There are several terms used in the state of Maine to characterize the operation of a motor vehicle by a driver impaired by the use of alcohol or drugs. DUI (driving under the influence), OUI (operating under the influence), and OWI (operating while intoxicated) refer to similar driving offenses.
A Maine driver can be arrested for the following drunk driving offenses:
A driver can be convicted of OWI if it can be proven that he or she was physically or mentally impaired (even to the slightest extent) while driving. Proof can include results from field sobriety tests performed by the arresting officer. Alternatively, if chemical tests return results of a BAC of .08 or greater, a driver can be convicted under 'per se' laws. Under per se laws, latin for "by itself", a person can be convicted based solely on his or her blood alcohol content (BAC) levels determined through chemical testing.
A person can also be charged with impaired driving if they refuse a breathalyzer or blood test. Their refusal is seen as an admission of guilt by the courts and can incur considerable penalties.
|Court Fines||Potential Jail Time||License Suspension|
|1st Conviction||$500||Up to 90 days
||Minimum 90 days|
|2nd Conviction||$700||7 days - 18 months
||Minimum 18 months
|3rd Conviction||$1,100||30 days - 4 years
|4th Conviction||$2,100||6 months - 6 years||6 years|
If you are worried or unsure about a possible DUI conviction, consult with an attorney who can advise you on your particular circumstances.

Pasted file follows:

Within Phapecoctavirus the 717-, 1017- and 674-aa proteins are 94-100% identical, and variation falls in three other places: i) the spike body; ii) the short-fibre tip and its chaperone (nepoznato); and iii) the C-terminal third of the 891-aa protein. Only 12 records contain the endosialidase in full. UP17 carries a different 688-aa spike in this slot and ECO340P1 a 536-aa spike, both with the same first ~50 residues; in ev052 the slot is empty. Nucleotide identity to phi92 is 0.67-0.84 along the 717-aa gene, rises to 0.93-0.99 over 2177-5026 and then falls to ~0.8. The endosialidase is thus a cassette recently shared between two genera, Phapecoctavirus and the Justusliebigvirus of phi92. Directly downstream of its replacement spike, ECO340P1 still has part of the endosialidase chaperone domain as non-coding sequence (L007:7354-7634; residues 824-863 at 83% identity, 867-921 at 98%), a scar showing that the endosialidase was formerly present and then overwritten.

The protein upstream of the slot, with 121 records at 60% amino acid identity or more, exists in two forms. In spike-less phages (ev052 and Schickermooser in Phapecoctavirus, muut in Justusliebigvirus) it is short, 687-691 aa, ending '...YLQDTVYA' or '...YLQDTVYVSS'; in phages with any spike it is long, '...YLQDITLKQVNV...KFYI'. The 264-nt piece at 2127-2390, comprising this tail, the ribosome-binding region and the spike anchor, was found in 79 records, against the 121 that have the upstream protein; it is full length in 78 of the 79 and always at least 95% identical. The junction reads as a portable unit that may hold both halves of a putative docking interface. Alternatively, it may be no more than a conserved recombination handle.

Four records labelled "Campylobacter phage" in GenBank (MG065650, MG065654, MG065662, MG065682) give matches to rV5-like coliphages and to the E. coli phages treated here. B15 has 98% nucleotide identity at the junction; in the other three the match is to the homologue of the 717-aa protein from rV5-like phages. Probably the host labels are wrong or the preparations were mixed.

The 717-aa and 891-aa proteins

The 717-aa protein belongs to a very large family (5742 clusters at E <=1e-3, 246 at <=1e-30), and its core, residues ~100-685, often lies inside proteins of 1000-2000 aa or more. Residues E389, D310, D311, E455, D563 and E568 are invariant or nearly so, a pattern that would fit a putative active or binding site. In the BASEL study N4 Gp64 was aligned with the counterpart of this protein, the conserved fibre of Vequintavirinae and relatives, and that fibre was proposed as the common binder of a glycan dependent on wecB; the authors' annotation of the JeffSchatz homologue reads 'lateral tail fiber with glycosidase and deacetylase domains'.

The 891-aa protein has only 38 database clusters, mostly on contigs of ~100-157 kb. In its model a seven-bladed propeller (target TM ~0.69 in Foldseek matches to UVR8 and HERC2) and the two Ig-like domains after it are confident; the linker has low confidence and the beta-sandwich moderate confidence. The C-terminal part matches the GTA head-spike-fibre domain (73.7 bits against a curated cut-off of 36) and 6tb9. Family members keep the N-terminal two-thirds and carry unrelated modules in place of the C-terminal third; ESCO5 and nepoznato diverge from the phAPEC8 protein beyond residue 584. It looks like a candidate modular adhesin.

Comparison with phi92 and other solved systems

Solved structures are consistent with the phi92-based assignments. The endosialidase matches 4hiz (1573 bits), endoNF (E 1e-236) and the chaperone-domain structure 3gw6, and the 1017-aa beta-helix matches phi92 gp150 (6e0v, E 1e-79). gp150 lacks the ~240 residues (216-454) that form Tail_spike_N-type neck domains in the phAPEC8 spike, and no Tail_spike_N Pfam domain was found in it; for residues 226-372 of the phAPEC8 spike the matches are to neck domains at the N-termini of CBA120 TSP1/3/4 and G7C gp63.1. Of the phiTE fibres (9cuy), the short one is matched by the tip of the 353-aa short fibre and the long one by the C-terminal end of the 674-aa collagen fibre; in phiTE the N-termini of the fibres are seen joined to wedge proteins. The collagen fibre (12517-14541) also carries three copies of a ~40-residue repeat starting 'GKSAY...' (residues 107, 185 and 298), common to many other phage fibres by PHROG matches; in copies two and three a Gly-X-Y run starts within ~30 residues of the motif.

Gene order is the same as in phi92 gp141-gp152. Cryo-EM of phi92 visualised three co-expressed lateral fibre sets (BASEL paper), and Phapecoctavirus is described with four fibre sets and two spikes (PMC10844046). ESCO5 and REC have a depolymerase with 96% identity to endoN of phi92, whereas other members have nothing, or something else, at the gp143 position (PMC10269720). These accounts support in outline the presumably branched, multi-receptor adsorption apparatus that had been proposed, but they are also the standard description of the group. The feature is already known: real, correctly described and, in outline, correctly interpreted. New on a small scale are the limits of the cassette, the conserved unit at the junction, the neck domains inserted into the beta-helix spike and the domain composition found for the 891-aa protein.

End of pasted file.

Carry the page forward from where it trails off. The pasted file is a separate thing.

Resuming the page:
The above table outlines common penalties for DUI, OWI, or OUI offenses. If 'aggravating factors' are involved, penalties may increase. These factors include having a minor in the car at the time of offense, speeding or reckless driving, having a BAC of .15 or greater, running from the police, and being under the age of 21.
The court may also mandate attendance in an education program after a conviction where aggravating factors were involved. There are two possible programs: the Driver Education Evaluation Program and the Weekend Intervention Program. These programs will conduct evaluations and if necessary will assign treatment if it is thought an alcohol problem exists.
Anytime someone is taken in for an OWI, OUI, or DUI in Maine, the Bureau of Motor Vehicles automatically sends them a suspension notice for their license. You have only 10 days to appeal the automatic suspension. Handling this in Maine can be somewhat tricky, so it is important that you first contact a skilled lawyer to help.
Under Maine state law, any licensed person operating a motor vehicle automatically gives his or her consent to an approved test (blood, breath, or urine) for the purposes of showing intoxication. Test refusal, as mentioned earlier, will result in penalties such as jail time and fines.
Chemical tests must be administered by a licensed person using approved methods or results will not be admissable in court. Blood tests must be carried out by a doctor, doctor's assistant, nurse, or other person certified by the Department of Human Services.
If you are worried about a DUI conviction, talking to a DUI attorney can help.